The starting point for this was in 2010, when, at a meeting convened by the Association of South East Asian Nations (ASEAN) in the Vietnamese capital Hanoi, then secretary of state Hillary Clinton, declared that the US had a “national interest” in “freedom of navigation” in the South China Sea. As such freedom had not to that point been threatened by any power, and certainly not by China, her intervention served only to give a green light to countries such as the Philippines to escalate tensions and stage anti-China provocations, secure in the belief that they were now sheltering under a US protective umbrella.
This is essentially the same position adopted by US imperialism in the East China Sea, where Japan continues to occupy China’s Diaoyu islands. Knowing just how untenable is Japan’s claim to the islands, the US claims to ‘take no view’ on their sovereignty, yet still insists that they are covered by its obligations to Japan under a bilateral security treaty – meaning that the US would come to Japan’s aid in the event of any conflict.
Harris’s comments about China’s alleged ‘revanchism’ were just the latest bellicose volley recently directed at China by the US, its close allies and the monopoly media.
Many of them have seized on this year’s centenary of the start of the first imperialist world war to paint an utterly false analogy of China as a supposed latter-day Germany – a rising, expansionist power intent on arbitrarily redrawing the world map to its own advantage.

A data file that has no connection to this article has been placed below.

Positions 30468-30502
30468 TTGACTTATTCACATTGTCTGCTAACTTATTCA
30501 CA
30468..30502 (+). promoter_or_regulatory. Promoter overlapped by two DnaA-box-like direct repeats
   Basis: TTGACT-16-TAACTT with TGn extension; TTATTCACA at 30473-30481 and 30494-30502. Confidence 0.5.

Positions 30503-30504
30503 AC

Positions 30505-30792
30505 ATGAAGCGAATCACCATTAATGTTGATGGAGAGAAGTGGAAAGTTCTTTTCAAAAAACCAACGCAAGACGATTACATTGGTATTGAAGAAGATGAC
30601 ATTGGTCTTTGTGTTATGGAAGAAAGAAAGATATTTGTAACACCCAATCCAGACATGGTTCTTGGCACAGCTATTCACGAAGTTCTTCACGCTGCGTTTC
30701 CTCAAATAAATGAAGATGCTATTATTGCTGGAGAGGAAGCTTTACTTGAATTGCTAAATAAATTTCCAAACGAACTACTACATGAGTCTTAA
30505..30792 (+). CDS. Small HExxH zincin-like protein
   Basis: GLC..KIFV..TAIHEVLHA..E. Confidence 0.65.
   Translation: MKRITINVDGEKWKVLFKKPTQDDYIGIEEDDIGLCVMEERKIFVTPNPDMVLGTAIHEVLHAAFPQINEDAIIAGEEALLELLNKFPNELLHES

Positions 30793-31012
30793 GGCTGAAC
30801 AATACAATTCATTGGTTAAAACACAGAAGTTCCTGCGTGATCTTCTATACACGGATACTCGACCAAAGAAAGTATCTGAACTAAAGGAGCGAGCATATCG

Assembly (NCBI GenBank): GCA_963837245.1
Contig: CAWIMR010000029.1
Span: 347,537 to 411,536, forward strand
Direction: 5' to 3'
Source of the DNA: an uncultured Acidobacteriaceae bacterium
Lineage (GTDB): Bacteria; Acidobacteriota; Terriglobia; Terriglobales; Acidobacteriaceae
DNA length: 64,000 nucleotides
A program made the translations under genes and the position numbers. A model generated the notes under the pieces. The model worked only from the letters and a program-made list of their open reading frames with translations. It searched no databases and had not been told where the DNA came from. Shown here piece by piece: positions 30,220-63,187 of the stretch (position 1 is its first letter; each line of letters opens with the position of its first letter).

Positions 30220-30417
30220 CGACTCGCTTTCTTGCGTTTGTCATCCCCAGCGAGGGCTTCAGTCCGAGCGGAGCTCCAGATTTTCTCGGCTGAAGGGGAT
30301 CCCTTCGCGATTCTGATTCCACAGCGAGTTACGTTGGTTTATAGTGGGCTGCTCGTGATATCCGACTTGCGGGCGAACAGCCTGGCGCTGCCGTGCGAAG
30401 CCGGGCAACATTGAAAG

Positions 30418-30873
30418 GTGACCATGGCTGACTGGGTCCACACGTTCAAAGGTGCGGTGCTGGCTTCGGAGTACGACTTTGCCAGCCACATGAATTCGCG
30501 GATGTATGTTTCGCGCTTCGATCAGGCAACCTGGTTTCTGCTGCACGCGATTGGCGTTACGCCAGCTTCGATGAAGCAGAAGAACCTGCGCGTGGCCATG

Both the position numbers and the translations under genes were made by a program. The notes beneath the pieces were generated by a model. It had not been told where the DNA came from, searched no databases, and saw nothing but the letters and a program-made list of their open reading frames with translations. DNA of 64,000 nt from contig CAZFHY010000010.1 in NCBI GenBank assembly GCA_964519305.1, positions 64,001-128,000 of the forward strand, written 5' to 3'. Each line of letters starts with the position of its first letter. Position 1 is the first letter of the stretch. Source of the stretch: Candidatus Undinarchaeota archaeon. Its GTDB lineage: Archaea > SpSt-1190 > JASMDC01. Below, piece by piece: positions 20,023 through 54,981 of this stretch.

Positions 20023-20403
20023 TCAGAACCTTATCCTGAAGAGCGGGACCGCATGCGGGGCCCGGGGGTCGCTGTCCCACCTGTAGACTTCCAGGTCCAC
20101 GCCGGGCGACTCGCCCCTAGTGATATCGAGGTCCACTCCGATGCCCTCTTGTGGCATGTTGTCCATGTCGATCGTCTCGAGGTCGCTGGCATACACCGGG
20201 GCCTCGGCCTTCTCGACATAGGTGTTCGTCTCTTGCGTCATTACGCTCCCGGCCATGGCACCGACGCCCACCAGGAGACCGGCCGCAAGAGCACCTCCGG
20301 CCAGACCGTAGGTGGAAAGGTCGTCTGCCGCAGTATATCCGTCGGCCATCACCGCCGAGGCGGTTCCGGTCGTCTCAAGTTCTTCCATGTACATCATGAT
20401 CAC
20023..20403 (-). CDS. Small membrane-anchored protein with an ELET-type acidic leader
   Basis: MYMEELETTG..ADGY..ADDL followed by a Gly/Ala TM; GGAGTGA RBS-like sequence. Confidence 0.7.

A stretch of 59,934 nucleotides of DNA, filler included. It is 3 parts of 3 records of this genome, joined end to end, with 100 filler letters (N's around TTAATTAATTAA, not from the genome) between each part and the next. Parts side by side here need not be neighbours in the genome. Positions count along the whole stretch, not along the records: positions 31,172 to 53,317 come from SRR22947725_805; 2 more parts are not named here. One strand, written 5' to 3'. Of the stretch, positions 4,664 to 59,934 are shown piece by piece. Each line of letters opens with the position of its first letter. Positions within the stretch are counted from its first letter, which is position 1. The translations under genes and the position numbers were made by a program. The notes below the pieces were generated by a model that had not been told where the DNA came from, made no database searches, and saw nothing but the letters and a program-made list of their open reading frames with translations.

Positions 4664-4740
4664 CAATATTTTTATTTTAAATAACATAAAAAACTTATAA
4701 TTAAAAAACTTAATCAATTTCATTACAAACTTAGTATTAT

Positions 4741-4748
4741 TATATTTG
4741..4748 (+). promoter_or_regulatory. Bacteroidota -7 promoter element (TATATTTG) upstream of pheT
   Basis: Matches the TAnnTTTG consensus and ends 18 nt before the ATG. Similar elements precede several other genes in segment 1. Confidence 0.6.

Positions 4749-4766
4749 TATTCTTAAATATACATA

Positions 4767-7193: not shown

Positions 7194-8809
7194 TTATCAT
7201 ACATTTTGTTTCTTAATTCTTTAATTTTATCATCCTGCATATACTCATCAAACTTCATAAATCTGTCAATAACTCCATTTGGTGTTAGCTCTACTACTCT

At the elitist World Economic Forum, held in January at the Swiss resort of Davos, Japanese prime minister Shinzo Abe said that relations between his country and China were in a “similar situation” to those between Britain and Germany in 1914. This can only be construed as stating that they are on the brink of war.
The same drum has been banged by the right-wing British media. The Financial Times’ chief economics commentator Martin Wolf began a 3 December 2013 article as follows:
“Will we sustain an open global economy while also managing tensions between a rising autocracy and democracies in relative economic decline? That was the question posed by the arrival of imperial Germany as Europe’s leading economic and military power in the late 19th century. It is the question posed today by the rise of communist China. Now, as then, mistrust is high and rising. Now, as then, actions of the rising power raise risks of conflict. We know how this story ended in 1914. How will the new one end, a century later?” (‘China must not copy the Kaiser’s errors’)